We've discovered between finishing New Phyrexia and now that tons and tons of people misplay this card. They think, due to Oblivion Ring and Journey to Nowhere, that they'll get their card back when they kill the Exclusion Ritual. That just isn't true. I've talked before in this space about how in cases when people misplay cards, it's usually best to make them work the way that people think they do. I still agree with that, but there's a reason that sentence has an adverb in it. I just don't buy that Phyrexia would be willing to give the exiled card back. When someone discovers for the first time that they aren't getting that card back, they usually feel violated, as they were expecting that. I feel like that sudden unpleasant moment of discovery and violation is a perfect meta-expression of what New Phyrexia is trying to do, so I don't regret it one bit. We can always make Magic cards that work the way people expect, but when it's actually appropriate to violate expectations, I have no qualms with doing so.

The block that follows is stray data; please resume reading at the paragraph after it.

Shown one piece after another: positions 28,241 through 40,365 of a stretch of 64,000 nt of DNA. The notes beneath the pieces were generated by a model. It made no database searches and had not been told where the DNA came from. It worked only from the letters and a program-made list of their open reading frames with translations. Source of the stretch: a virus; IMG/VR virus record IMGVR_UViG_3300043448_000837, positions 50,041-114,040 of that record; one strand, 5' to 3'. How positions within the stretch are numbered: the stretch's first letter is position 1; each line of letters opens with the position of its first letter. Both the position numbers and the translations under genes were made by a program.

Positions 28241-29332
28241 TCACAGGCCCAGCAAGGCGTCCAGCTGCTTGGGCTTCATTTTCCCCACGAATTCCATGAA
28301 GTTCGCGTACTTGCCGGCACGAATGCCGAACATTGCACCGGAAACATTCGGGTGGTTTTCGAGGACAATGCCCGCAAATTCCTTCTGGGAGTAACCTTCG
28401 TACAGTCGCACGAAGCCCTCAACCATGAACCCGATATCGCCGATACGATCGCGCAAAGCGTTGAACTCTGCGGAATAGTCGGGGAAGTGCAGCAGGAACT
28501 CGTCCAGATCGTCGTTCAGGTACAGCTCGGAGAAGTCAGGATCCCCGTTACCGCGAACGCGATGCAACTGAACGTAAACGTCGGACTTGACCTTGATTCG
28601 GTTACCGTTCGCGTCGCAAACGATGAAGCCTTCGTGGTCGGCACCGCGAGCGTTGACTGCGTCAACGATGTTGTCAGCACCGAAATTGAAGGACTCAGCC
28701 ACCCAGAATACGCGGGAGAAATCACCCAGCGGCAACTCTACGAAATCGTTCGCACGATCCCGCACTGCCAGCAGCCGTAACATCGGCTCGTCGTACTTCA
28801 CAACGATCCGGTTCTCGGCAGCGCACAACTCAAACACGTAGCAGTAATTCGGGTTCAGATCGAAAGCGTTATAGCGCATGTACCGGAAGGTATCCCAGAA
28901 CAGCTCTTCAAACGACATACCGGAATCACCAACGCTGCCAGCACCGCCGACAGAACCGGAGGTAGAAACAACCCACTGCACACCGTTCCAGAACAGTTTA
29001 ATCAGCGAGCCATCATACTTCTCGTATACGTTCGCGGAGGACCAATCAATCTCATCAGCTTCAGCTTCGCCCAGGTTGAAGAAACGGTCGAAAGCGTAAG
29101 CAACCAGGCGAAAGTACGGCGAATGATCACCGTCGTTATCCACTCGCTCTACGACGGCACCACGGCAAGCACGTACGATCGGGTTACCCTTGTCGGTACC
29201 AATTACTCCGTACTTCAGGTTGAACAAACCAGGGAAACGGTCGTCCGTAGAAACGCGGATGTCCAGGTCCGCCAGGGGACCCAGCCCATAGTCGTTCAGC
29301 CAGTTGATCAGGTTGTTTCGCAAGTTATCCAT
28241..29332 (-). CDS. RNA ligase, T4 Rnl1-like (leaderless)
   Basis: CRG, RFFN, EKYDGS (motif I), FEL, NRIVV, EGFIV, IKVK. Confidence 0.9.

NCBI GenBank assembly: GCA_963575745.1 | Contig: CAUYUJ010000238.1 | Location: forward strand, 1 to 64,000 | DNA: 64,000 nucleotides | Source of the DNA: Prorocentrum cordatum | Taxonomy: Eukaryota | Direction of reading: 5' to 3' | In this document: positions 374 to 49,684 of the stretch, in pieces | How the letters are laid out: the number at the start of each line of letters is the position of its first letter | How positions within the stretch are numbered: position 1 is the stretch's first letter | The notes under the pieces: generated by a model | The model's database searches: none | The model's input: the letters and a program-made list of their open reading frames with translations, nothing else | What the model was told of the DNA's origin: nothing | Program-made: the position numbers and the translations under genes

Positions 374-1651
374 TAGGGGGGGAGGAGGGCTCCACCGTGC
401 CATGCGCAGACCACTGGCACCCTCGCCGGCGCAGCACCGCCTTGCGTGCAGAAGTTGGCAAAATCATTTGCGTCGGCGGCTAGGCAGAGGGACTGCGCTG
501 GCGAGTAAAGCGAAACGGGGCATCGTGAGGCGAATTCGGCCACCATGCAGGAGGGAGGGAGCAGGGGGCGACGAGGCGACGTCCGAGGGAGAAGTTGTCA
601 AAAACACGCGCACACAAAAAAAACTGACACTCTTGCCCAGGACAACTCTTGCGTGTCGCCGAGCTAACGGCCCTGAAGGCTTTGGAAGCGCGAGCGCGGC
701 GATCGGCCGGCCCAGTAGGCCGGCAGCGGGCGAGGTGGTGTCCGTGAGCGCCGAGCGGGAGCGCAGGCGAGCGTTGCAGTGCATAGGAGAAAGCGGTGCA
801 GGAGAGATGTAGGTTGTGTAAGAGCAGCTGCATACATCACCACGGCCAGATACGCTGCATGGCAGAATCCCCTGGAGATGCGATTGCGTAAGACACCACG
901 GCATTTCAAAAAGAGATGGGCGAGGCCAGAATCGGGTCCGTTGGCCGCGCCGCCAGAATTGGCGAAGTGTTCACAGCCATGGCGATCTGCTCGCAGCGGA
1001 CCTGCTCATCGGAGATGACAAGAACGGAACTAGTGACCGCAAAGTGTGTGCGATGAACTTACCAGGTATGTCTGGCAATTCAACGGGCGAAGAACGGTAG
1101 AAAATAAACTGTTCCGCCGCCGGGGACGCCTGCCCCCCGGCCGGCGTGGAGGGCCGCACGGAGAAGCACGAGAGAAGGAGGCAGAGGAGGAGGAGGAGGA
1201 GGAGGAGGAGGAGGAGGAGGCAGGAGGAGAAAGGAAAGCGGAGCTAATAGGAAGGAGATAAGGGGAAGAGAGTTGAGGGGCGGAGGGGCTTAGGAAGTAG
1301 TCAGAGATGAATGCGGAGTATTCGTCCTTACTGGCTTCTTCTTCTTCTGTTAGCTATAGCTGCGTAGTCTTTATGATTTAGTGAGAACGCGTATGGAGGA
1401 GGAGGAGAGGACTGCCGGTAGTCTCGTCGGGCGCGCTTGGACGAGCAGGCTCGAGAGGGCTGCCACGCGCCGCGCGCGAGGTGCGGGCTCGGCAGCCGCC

Ken's original design for Praetor's Grasp had you shuffling the stolen card into your library. This is something that non-silver-bordered Magic has never done before, which is, I think, why Ken was so attached to it. There were a few issues with that. One very big issue is that the Magic rules deal very poorly with it, by which I mean they don't deal with it at all. Another issue is that practically speaking, if you and I have differently colored sleeves, we're all going to know where that card is at any given time.
The biggest issue to me, though, is that that isn't what Phyrexia would want to do. Phyrexia doesn't care about you. It cares so little about you, in fact, that it doesn't even get a buzz out of making you sad. It just wants to win, and hiding your card in my deck doesn't really help me win. It just makes you sad.